Although the railway boom contributed to the construction of most of the splendidly ambitious architecture for which Port Hope is renowned, neither the construction of the station nor the actual arrival of the trains elicited much excitement in the town. Local "railway jollifications" had taken place in the weeks prior to the official opening, when the contractors of the Cobourg and Port Hope township sections held two parties to celebrate their completion of work.18 The public reaction to the official GTR event was characterized by a contemporary reporter as
indifference, which seems to have been a common attitude along the line.19 Outright hostility toward the GTR was frequently expressed by George Brown of The Globe, whose editorials summarized some of the alienation felt by Canadians. Widespread criticisms focused on the spectre of political corruption; on the favouritism shown to the contractors, which in turn restricted the opportunities of local manufacturers, contractors, and labourers along the line; on the perceived power of the contractors; and on the unpalatable issue of off-shore profits and control.20 As a possible example of that favouritism, prominent civil engineer Thomas Curtis Clarke, a resident of Port Hope, was chief engineer on the local harbour works and the Port Hope, Lindsay and Beaverton Railway, but he seems to have been conspicuously absent from GTR projects in town.21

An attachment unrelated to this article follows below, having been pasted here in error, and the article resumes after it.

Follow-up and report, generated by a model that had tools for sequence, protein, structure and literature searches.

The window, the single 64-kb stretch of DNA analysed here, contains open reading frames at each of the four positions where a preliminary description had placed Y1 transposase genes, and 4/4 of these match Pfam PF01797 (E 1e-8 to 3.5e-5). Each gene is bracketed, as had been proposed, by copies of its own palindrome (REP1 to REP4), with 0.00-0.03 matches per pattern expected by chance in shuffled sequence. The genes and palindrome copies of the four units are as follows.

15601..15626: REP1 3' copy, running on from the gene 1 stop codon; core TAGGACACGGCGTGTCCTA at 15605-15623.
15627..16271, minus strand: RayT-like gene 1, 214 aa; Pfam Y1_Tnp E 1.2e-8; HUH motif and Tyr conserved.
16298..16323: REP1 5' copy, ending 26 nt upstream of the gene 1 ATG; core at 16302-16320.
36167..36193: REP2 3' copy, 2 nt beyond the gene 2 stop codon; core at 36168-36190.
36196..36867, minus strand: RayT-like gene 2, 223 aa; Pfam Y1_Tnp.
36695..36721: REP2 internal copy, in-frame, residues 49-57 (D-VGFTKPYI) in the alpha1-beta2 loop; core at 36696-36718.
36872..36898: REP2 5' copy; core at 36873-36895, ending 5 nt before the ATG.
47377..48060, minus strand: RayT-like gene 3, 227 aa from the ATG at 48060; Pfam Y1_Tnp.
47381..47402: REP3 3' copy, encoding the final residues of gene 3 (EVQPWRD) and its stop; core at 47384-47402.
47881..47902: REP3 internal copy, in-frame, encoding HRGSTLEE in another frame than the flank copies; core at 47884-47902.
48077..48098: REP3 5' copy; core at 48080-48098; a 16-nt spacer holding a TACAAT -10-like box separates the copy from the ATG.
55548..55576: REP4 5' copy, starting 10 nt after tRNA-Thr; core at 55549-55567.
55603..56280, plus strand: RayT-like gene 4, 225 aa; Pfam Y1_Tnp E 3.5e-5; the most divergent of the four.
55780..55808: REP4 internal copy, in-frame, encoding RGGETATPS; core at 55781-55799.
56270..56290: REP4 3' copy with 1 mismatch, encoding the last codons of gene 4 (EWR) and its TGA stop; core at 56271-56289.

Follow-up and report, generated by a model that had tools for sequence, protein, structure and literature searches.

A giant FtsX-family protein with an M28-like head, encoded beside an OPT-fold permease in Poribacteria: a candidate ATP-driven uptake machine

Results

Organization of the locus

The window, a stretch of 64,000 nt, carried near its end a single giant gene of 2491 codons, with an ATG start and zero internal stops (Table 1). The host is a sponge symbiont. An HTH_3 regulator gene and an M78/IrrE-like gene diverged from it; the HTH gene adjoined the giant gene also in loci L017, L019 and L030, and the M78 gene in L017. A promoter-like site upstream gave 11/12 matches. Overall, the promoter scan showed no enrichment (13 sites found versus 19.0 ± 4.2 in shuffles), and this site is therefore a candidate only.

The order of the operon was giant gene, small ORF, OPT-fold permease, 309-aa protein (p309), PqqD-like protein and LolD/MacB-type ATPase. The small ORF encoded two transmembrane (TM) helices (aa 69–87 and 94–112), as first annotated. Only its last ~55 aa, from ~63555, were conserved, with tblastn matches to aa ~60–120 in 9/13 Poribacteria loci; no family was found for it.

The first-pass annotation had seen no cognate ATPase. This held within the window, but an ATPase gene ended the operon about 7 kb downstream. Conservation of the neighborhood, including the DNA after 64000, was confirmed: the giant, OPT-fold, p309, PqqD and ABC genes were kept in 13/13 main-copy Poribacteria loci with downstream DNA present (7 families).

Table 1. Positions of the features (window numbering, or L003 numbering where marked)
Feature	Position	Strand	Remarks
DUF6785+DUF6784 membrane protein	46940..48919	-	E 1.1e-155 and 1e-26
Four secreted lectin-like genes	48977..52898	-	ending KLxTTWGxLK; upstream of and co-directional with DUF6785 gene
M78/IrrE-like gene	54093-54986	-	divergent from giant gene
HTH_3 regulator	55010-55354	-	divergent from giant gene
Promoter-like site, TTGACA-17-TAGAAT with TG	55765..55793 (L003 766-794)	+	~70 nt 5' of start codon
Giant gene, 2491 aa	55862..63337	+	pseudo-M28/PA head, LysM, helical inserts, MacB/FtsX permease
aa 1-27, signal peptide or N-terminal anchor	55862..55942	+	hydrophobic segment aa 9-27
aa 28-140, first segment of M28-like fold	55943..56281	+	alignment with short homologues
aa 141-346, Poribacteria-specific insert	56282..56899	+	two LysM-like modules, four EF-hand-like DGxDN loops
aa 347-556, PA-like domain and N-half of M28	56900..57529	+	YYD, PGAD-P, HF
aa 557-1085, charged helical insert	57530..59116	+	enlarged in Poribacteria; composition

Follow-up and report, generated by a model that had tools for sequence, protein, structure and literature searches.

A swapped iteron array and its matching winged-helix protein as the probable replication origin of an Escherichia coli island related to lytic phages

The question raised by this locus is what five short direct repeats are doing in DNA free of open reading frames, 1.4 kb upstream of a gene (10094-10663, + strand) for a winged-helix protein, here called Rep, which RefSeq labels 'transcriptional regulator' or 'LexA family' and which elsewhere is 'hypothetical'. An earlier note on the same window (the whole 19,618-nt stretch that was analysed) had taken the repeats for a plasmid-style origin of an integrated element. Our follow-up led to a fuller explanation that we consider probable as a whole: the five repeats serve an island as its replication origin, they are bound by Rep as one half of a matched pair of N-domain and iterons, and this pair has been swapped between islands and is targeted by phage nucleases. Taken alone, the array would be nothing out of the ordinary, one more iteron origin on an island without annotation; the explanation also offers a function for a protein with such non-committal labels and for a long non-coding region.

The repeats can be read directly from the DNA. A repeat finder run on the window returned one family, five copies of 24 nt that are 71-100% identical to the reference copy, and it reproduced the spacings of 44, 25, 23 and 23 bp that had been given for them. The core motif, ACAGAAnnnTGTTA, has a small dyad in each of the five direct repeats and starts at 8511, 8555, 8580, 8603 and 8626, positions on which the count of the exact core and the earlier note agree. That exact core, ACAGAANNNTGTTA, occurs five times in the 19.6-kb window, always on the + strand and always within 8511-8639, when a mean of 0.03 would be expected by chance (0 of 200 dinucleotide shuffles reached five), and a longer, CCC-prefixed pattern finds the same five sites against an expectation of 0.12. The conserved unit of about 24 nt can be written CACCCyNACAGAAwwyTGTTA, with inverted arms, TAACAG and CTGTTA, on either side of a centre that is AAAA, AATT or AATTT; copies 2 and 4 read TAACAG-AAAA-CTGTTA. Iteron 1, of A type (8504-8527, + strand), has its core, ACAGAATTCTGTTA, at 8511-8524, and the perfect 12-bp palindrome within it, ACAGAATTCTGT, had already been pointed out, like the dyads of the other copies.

The construction of the GTR line dramatically altered the economic and morphological balance of Port Hope, and contributed to improving the quality of architecture and engineering in the area. The unusual location of the station and tracks at the front of the town rather than far to the north emphasized the industrial character of the transportation zone across the waterfront and significantly altered the landscape through the construction of the viaduct and track gradients (Figure 6). In the extensive development of its river flats and harbour front as a heavy industrial zone, Port Hope manifestly demonstrated the utilitarian ethic of progressive 19th century boosters for whom technology represented an absolute, in the way that science had for the 18th century, and religious faith had for previous centuries. Finally, the project brought skilled workers into the area, many of whom may have demonstrated their masonry skills in the municipal projects of Cobourg of the later 1850s.